With Apple expected to be fielding a smartwatch later this year, one analyst reveals new details about the long-awaited device, including biometrics, flexible AMOLED display with sapphire cover lens and NFC, among other features.
In the midst of rumors and speculation, a research note from KGI analyst Ming-Chi Kuo obtained by AppleInsider offers the most comprehensive look at Apple's supposed "iWatch" yet. Kuo has a proven track record of predicting Apple's next hardware moves.
According to the analyst, iWatch will be able to operate independently of an iPhone or iPad, but is also expected to feature functions that are iOS-exclusive like health monitoring apps. Hardware backing up iOS device compatibility are near-field communication with a "secure element," biometric recognition and adoption of a system-in-package (SiP) design for slimness.
Other components include a 1.3- to 1.5-inch flexible AMOLED display with sapphire cover, suggesting the device's screen will be curved to fit a user's wrist. In addition, Apple is thought to be incorporating liquid metal for mechanical parts.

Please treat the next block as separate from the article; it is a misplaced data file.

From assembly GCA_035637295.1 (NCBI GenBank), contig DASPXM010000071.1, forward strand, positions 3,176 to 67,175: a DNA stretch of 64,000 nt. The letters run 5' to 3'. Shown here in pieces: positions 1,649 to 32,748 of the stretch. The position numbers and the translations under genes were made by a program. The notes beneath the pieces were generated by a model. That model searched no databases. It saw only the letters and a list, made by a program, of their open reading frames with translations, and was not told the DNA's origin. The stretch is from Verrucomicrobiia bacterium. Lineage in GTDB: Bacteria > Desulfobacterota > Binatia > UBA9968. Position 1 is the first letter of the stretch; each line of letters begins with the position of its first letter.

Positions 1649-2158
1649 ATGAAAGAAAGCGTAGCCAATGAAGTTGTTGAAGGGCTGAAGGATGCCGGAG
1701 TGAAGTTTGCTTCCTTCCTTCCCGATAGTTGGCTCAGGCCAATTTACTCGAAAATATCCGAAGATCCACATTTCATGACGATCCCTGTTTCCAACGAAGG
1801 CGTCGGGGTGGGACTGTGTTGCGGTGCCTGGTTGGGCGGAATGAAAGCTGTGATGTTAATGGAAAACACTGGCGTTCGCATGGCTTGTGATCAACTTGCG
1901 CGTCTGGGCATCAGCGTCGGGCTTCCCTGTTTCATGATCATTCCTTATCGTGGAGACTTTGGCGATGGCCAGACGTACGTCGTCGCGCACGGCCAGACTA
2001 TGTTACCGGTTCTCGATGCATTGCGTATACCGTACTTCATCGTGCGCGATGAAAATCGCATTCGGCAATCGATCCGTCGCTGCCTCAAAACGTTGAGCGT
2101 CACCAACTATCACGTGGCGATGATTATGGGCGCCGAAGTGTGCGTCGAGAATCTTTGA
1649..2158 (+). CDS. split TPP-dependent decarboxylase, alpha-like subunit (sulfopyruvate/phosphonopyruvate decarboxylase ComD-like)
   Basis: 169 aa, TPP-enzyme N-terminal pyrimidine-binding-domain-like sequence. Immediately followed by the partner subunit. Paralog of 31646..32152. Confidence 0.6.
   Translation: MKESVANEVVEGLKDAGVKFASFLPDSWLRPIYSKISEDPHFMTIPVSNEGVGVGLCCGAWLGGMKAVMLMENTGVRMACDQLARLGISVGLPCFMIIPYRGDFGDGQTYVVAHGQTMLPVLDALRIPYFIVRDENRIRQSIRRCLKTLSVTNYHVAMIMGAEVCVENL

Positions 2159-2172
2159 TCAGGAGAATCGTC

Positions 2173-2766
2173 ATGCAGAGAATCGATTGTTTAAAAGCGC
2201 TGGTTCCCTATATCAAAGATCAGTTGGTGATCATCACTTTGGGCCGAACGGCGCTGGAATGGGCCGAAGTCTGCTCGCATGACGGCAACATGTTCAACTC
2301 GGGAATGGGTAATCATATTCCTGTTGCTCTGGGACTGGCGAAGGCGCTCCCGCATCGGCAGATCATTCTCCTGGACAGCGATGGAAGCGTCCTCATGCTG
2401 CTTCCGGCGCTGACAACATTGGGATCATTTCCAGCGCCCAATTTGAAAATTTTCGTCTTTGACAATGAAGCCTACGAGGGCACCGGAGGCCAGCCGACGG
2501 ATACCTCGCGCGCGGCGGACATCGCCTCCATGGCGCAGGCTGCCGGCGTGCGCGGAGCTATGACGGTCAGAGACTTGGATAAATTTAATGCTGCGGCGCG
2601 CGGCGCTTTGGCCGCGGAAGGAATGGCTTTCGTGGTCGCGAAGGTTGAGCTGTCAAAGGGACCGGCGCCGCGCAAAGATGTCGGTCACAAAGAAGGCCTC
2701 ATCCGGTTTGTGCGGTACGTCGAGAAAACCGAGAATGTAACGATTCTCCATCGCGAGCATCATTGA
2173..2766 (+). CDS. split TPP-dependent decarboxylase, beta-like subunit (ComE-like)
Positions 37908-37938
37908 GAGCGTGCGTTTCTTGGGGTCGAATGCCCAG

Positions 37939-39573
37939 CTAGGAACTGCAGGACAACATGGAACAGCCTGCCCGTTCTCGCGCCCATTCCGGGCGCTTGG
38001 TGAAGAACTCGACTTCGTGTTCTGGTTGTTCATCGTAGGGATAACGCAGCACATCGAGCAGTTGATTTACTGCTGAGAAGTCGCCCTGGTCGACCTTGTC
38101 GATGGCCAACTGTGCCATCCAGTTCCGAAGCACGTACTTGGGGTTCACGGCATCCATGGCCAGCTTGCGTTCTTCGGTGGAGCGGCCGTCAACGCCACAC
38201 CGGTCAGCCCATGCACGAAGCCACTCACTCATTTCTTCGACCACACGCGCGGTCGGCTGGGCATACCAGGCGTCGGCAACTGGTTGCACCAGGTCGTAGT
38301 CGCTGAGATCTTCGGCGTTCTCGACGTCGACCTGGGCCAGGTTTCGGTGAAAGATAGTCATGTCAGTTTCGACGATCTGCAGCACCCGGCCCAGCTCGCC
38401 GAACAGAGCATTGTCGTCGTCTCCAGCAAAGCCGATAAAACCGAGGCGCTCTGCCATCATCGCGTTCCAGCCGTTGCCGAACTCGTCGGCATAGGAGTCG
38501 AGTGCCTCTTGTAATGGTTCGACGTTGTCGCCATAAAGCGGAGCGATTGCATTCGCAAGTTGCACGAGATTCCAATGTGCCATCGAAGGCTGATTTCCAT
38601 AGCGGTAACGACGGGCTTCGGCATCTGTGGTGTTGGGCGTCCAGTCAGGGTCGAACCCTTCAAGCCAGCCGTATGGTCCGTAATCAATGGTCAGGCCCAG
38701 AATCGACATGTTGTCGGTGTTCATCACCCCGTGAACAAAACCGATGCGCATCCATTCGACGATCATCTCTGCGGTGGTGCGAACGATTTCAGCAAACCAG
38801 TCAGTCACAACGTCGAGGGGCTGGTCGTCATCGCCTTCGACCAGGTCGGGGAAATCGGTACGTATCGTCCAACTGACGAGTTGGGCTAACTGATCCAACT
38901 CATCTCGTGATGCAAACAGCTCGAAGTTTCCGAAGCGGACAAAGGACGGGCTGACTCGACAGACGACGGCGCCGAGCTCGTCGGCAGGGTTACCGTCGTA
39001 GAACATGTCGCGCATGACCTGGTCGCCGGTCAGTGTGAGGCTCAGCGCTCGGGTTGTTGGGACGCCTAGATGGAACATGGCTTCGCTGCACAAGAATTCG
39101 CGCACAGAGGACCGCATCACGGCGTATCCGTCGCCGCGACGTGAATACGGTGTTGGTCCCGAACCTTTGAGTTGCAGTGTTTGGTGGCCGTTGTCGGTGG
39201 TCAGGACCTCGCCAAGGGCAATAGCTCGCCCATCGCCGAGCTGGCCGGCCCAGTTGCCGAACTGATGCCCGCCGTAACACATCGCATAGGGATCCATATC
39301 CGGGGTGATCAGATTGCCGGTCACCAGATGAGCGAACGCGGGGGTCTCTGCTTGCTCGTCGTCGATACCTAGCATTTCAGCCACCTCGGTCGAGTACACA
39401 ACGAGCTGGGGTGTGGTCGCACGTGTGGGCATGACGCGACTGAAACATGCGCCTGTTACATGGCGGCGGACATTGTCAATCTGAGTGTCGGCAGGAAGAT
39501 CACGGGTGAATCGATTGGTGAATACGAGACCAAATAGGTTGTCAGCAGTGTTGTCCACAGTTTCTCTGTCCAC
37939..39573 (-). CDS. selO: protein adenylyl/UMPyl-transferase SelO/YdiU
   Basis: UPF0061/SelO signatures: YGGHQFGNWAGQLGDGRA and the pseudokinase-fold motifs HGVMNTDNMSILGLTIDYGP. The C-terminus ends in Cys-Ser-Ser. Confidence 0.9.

One of the major differences between Apple's smartwatch and those from rivals will be looks. Unlike current designs from the likes of Samsung and LG, Kuo predicts the iWatch casing and band will come in a variety of materials. As such, the most expensive model in the lineup will carry a price tag of several thousand dollars, as much as a luxury brand mechanical watch.
With a fashionable style and models reaching into high price echelons, Kuo believes Apple may be competing against other fashion vendors instead of tech companies.
A big challenge for any smartwatch design is battery life. Kuo is forecasting iWatch to use 200 to 250mAh cell that should give the device increased operation time. Adding to power savings is Apple's vertically integrated operating system, which will allow fine-tuning of specific components. Battery life is expected to hit at least one day.
Kuo sees shipments of iWatch starting at the end of the third quarter, with an estimated 5.5 million units in 2014 alone. That number is forecast to jump to 30 to 50 million units through 2015, in line with prior reports guessing at shipment volume.